A Maasai Ranger Remembers the Nyakweri Forest

The Indigenous Forest That Is Fading Away, by Caroline Kiugo



These are sad days for Nyakweri forest. It is written all over Sirere’s sad, heavy face as he tells again and again how the famous forest’s majesty is being irreparably tarnished at the hands of its destroyers.


The Nyakweri Forest is the largest remaining indigenous forest in Kenya, covering approximately 500 square kilometers. This forest has high ecological and socio-cultural importance to the Maasai people, and it provides critical habitat for the region’s wildlife. Huge specimens of East African Olive, Dispyros, Wild Olive, Kenya Greenheart and Manikara Butugi dominate the forest and create vital dispersal habitat for game species like Buffalo, Elephants, Waterbuck, Lions, Hyena, Bush Pigs, Impala, and Leopards. Its canopy is also home to more than 200 species of birds, including Turacos, Trogons, Eagles, Wood-hoopoes and Hornbills. And apart from the wildlife and birds it hosts, the Nyakweri Forest is also a critical watershed for the Mara River, which gives life to animals and people throughout the Mara and into the Serengeti ecosystem.


Though AKTF and other organizations are fighting to save what remains, the mystery of the Nyakweri and the sounds of nature are almost forgotten as the forest is destroyed, along with endangered species and indigenous trees.


 (Photo credit: Mark Downey)


In contrast to the current degraded state of the forest, AKTF Ranger Sirere told me about what he remembered of the Nyakweri Forest from his childhood.


“Our Maasai forefathers told us stories of large hairy ‘bigfoot’-like creatures. They told stories of ‘ever moving’ giant trees with huge shaggy roots, that could awaken you in a sweat. The story goes that one could see these ghost trees at one moment and the very next moment they would be gone, disappeared. These stories, needless to say, kept the local Maasai out of the Nyakweri. The forest was a gem, sacred in Maasai culture since time immemorial…that is until recently. The forest is being desecrated by ‘outsiders’ who are plundering it.


“Less than 20 years ago, only the elders would access Nyakweri seeking sacred medicinal plants hidden in the dense indigenous forest, grateful for the healing provided. Elders would also access the forest to herd cattle during dry season. They alone knew the way into the forest without losing their tracks. They alone knew how to return safely.


“This indigenous forest, situated in the greater Maasai Mara, has supported generations of wildlife and has been an important part of the ecosystem for the local Maasai communities. The rate of its destruction by outside forces, however, is worrying. The numbers of wild animals have been greatly reduced due to human encroachment and deforestation. We Maasai will suffer too if we lose this gift that our ancestors preserved for us. Our children may never know the Nyakweri as their ancestors did.”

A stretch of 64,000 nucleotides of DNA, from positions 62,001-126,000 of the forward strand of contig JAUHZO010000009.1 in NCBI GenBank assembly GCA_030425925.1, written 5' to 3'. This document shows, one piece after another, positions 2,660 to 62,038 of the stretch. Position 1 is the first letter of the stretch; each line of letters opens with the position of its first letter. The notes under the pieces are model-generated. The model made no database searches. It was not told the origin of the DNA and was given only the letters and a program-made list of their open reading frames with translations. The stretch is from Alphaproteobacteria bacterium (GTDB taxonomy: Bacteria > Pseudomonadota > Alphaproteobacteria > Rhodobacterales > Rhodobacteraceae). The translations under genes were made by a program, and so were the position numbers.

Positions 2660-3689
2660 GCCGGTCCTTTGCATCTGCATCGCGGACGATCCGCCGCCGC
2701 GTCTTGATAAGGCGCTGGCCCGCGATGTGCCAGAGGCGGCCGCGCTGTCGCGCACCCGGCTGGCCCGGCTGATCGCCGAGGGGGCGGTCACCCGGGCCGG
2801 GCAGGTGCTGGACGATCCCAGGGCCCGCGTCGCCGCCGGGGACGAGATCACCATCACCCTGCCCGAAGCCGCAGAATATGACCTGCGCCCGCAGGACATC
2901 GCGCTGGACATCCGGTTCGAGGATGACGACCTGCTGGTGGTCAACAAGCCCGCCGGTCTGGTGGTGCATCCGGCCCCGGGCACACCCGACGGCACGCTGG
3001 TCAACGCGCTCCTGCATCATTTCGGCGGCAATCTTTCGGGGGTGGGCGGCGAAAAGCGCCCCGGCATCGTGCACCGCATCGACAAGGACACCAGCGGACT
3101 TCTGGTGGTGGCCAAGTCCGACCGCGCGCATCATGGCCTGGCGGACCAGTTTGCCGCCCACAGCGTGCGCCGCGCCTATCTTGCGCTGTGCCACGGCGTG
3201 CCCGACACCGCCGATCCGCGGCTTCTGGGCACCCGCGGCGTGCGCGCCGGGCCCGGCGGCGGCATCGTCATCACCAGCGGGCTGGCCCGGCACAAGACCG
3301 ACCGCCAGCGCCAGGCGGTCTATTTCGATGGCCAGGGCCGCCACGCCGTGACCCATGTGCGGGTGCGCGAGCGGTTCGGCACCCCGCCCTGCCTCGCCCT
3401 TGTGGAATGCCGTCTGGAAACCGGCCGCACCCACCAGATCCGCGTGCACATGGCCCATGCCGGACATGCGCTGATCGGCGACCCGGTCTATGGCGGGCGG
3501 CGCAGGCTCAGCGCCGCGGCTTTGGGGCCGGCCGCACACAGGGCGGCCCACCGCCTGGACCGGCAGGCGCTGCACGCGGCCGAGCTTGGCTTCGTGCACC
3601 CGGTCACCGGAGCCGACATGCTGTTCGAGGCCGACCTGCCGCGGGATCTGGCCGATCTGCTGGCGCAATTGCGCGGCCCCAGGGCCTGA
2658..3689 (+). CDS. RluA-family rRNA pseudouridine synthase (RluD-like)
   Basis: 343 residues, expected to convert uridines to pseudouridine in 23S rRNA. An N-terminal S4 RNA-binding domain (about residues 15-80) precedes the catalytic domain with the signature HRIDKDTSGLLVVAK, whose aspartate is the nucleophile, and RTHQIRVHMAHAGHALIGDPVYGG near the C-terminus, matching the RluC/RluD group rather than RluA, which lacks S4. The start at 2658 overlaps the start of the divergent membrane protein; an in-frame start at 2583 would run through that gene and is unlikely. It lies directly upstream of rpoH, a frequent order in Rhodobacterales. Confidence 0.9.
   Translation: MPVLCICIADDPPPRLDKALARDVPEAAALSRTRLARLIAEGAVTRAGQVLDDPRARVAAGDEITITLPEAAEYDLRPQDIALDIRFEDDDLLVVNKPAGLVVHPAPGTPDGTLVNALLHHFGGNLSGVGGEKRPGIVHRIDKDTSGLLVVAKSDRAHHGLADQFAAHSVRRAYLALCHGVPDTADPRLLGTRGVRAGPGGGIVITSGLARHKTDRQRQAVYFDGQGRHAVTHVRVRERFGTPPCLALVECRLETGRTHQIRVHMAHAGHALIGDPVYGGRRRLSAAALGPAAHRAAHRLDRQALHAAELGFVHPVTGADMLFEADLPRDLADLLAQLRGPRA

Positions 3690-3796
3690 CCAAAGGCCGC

As recently as 2004, the forest still had only one opening through which hunter-gatherers and elders could access its resources. Sirere is concerned that it is now too easy for people to enter the forest from many different points and harvest precious timber. Illegal charcoal-making and logging pose the greatest threats to the Nyakweri Forest. As people from near and far clear the forest, creating ‘open pockets’ inside the once sacred space, huge swaths of habitat can disappear in a matter of weeks.


The original inhabitants of the forest, the Ogiek, who lived there for hundreds of years have now sought another home, a home far away from Nyakweri.



 Despite forest protection work carried out by rangers and patrols from relevant institutions, including AKTF, the rate at which the forest is being cleared is beyond alarming. People, most coming from other regions, have occupied the forest, illegally cutting down the ancient indigenous hardwood trees like African green heart, teak, and olive, which are protected by Presidential Law Appendix 123. These illegal loggers do not understand the impact of the deforestation they are causing, and if they do, they do not care. After all, it is not ‘their’ forest, and once it is destroyed and there is nothing further to gain, they will return to their homes far away where they have already used up and degraded the land. These people and their activity are also a threat to any wildlife still living in what is left of the forest, because they stay for weeks or months in the forest and kill wildlife to eat—and to sell as illegal bushmeat.


Just like Sirere, the rest of the AKTF Team dreams of the Nyakweri Forest of old. We are dedicated to save what remains of this magical forest, which meant so much to their forefathers, and we pray it will survive with their help and dedication.

Photos credit, unless otherwise stated: Marcus Westberg@lifethroughalensphotography





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